Michael Shopenn, a 67-year-old architectural photographer and amateur snowboarder, has undergone a hip surgery that represents the apotheosis of all that is wrong in the United States health care system: regulations and middlemen combine to make the cost of services uniquely and irrationally high.
After years of physical activity, Shopenn contracted arthritis, which severely exacerbated an old sports injury of his. His pain was so debilitating that he could barely stand for more than a few moments, and, as is increasingly common today, he decided he had no choice but to have a hip replacement. And because his pain was linked to an old sports injury, or a “pre-existing condition,” Shopenn’s insurance company refused to cover the costs of the operation. Soon discovering that the ultimate price of the replacement and his recovery would be at least $78,000, over a third of his retirement fund, Shopenn was forced to either find an alternate means of treatment or an alternate system in which to receive treatment.
It became clear that Belgium was a perfect place for Shopenn to attain the safe, effective implant he needed —
If one were to buy the prosthetic hip oneself directly from the manufacturer at a wholesale price, one would pay about $13,000. Shopenn’s Belg surgeon provided a new hip, successfully implanted it, allowed 5 days of rest, medicine, and care in the hospital, a week of rehab, and funded a round trip ticket to the United States for just $13,660. There was no government money subsidizing these services, nor any from Shopenn's health insurance company. Belgium just has a much more cost efficient health care system and boasts equal if not greater results.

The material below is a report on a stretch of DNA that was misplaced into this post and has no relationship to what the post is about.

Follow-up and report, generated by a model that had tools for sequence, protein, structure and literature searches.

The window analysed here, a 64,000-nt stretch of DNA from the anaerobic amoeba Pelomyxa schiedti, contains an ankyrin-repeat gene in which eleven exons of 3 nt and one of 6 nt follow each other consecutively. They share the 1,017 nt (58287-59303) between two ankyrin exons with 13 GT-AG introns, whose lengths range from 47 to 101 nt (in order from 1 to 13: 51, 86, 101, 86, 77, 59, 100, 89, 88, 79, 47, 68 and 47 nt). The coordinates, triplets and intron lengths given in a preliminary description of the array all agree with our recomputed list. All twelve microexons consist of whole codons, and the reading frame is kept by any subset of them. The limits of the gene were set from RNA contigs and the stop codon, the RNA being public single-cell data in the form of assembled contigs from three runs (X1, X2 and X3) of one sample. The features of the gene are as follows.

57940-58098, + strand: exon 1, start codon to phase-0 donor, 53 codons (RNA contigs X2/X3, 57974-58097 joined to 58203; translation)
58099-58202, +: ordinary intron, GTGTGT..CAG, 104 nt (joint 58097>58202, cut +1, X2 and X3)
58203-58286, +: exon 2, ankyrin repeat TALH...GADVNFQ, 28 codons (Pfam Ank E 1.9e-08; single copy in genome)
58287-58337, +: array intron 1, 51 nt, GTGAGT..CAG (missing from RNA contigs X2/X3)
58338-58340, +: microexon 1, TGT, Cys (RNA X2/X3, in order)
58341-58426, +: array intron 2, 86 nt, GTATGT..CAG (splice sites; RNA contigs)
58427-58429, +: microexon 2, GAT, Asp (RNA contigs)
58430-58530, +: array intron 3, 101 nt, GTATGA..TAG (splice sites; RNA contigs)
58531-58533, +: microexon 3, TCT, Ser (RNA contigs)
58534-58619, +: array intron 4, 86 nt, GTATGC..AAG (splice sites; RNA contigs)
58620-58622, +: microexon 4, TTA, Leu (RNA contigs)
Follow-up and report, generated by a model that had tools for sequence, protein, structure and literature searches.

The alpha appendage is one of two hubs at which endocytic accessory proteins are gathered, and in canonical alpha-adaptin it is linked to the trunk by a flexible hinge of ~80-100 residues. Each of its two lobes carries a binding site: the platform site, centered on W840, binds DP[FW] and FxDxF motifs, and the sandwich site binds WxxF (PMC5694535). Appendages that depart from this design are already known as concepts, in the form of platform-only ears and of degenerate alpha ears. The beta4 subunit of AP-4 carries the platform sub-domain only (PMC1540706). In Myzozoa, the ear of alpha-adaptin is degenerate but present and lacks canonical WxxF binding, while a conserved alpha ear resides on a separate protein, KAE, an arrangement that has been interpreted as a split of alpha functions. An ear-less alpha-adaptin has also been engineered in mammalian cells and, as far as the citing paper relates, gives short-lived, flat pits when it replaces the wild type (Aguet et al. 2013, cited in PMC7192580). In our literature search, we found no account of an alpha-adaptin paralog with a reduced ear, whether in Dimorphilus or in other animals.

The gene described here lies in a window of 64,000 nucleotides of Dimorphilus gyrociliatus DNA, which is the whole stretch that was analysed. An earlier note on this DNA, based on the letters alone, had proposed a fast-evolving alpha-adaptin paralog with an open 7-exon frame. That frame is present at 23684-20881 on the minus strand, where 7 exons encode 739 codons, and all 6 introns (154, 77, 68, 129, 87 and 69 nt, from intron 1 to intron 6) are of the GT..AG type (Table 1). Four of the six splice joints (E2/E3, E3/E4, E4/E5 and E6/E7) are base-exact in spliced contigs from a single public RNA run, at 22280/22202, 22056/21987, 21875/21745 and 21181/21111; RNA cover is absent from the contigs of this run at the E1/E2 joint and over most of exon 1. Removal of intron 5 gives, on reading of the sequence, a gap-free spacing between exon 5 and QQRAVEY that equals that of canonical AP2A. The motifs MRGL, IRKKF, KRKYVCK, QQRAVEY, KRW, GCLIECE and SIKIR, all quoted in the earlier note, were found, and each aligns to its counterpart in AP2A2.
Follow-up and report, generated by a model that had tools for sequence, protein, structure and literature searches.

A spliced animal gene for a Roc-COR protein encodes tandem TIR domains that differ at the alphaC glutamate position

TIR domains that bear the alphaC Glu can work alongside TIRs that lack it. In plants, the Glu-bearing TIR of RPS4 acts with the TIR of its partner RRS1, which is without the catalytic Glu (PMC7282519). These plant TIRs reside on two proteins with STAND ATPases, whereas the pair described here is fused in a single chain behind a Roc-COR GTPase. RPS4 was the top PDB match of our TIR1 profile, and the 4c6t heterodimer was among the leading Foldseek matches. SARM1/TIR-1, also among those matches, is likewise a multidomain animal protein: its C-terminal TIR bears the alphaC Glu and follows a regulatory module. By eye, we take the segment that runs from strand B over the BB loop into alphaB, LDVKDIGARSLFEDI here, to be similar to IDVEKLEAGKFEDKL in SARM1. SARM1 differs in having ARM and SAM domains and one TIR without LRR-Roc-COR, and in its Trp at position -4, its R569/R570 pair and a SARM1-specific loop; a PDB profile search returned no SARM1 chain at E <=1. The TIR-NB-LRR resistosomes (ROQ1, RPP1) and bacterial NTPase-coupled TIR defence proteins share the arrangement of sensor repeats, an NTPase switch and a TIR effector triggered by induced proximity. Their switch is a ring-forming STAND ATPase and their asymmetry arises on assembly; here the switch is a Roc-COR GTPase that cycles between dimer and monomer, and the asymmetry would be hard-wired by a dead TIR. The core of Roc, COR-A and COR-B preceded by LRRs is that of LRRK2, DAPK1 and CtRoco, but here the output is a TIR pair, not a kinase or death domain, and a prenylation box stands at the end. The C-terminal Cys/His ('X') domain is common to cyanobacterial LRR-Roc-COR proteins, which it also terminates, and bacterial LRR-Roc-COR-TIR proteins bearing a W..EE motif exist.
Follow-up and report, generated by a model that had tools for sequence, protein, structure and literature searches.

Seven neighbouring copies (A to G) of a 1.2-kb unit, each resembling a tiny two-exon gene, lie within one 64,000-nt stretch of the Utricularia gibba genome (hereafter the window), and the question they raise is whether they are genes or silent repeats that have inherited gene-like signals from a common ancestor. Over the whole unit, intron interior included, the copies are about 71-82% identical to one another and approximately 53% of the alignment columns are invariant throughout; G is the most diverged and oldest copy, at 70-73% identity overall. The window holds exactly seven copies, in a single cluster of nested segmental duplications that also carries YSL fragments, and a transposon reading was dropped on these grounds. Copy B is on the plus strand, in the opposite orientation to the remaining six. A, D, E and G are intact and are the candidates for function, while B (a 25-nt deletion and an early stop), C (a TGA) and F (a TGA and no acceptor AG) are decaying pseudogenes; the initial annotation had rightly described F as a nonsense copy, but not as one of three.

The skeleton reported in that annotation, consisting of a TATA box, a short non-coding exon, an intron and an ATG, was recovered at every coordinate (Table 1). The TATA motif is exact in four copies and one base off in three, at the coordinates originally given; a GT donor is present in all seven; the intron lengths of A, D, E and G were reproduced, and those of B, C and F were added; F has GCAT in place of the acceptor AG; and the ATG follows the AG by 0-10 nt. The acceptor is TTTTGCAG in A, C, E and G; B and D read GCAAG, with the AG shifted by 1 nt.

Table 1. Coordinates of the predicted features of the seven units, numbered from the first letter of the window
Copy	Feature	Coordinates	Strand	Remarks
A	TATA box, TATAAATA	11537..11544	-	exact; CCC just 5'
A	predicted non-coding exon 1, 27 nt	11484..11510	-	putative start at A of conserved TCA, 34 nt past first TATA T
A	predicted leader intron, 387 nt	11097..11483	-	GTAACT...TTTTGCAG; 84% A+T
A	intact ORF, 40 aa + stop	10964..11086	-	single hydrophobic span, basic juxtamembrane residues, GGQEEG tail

There is no doubt that health care costs in the United States are unreasonably high. There is also no tangible difference, however, between the quality of services rendered in the United States and those in Belgium or similar nations. The difference is that in the United States, after the prosthetic hip is manufactured for the cost of about $350, it must travel through a system that is riddled with middlemen. Specific parts manufacturers, government bureaucracies, health service sales companies, hospitals with contracts to uphold, and others all contribute to a vastly-escalated price that the customer must pay at the end of the operation.
The United States is in dire need of a healthcare overhaul — and not necessarily what the Affordable Care Act promises. What the health care system needs is fewer trivial regulations and complications. The system needs to be gutted and reformed.
Government agencies such as the Food and Drug Administration and various trade agreements impose crippling costs on foreign-made implants and generic brands, and these costs are either relayed to patients or altogether deter foreign companies from competing in U.S. markets. There are collective monopolies functioning in the health care service industry, with myriad interest groups tacking on unnecessary charges at every step of the way.
If the ultimate goal really is for every American to have access to quality health care, then there is no excuse for failing to execute minor deregulatory measures that might make all the difference.